# Patterns in Time Series Analysis

A *time series* is just a collection of data on attribute values over time. Time series analysis is performed in order to predict future instances of the measure based on the past observational data. If you want to forecast or predict future values of the data in your dataset, use time series techniques.

Time series exhibit specific patterns. Take a look at the following figure to get a better understanding of what these patterns are all about. *Constant* time series remain at roughly the same level over time, but are subject to some random error. In contrast, *trended* series show a stable linear movement up or down.

Whether constant or trended, time series may also sometimes exhibit *seasonality* — predictable, cyclical fluctuations that reoccur seasonally throughout a year. As an example of seasonal time series, consider how many businesses show increased sales during the holiday season.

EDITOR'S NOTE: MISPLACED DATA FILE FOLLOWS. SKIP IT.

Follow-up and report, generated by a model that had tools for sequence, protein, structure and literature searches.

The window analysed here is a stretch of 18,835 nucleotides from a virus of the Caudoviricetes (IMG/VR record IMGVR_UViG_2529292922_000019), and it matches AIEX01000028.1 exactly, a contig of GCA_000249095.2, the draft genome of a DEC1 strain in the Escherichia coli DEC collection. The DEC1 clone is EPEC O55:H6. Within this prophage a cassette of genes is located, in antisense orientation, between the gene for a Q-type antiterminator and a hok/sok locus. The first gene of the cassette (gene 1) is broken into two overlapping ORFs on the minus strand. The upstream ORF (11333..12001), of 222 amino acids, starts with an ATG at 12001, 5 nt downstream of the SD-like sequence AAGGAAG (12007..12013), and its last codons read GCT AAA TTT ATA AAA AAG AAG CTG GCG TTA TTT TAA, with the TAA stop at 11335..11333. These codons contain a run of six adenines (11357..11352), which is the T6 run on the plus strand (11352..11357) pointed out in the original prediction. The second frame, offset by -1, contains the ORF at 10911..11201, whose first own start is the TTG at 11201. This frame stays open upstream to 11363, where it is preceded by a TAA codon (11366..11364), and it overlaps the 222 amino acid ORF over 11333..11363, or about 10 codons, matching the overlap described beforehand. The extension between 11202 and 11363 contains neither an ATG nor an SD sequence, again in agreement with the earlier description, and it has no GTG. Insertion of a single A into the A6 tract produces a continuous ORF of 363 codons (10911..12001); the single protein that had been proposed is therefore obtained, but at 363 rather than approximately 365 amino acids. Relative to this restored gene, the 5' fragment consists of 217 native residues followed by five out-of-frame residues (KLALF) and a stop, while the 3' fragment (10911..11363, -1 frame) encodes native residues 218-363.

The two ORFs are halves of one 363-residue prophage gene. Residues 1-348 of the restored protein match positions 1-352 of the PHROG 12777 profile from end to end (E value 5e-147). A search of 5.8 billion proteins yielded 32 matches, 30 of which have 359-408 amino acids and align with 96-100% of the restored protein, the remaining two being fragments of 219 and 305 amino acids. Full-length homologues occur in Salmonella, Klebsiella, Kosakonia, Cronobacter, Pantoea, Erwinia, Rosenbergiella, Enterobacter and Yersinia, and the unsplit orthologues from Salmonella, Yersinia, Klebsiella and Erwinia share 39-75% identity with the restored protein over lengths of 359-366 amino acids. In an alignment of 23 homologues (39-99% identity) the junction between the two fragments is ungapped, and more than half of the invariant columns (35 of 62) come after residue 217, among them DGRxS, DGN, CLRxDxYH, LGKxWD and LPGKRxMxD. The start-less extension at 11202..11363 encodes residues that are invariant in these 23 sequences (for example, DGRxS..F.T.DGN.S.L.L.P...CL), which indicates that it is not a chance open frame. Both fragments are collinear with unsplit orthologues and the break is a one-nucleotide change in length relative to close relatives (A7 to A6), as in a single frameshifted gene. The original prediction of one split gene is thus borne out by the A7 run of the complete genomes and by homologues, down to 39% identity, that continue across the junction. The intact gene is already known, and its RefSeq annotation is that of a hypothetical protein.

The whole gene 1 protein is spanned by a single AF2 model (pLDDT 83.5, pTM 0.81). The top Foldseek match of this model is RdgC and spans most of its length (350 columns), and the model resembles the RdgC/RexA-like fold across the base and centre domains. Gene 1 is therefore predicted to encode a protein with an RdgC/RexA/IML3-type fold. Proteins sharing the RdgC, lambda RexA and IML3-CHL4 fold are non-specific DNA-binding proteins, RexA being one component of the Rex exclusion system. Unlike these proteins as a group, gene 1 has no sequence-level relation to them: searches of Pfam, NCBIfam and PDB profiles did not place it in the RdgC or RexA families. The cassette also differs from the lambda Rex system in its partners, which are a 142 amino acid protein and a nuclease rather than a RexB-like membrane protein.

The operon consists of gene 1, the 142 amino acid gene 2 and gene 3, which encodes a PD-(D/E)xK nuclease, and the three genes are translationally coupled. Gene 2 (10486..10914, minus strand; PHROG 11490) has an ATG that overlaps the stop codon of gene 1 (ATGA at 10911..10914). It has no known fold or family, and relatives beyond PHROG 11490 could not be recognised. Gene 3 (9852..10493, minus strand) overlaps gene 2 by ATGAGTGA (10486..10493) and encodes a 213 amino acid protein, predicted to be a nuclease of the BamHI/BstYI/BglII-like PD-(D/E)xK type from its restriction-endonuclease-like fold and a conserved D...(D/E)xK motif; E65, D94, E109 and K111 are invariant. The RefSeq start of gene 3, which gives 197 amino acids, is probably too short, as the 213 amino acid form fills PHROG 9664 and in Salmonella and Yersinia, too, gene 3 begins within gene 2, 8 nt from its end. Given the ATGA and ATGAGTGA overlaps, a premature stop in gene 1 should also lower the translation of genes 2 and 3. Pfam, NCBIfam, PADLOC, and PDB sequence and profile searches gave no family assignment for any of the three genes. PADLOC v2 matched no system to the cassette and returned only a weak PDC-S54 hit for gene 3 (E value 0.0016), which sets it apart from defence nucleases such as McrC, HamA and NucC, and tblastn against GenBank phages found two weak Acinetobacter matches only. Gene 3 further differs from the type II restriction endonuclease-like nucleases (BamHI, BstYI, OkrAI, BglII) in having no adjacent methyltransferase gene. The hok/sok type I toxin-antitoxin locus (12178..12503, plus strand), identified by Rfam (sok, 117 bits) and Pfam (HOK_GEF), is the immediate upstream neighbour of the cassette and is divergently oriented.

If you’re including seasonality in your model, incorporate it in the quarter, month, or even six-month period — wherever it’s appropriate. Time series may show *non**–**stationary processes* — or, unpredictable cyclical behavior that’s not related to seasonality as a result of economic or industry-wide conditions. Since it’s not predictable, non-stationary processes can’t be forecasted. You must transform non-stationary data to stationary data before moving forward with an evaluation.

Take a look at the solid lines. These represent the mathematical models used to forecast points in the time series. The mathematical models represent very good, precise forecasts because they’re a very close fit to the actual data. The actual data contains some random error, thus making it impossible to forecast perfectly.

The following figure shows you the different time series types, and the mathematical models that describe them.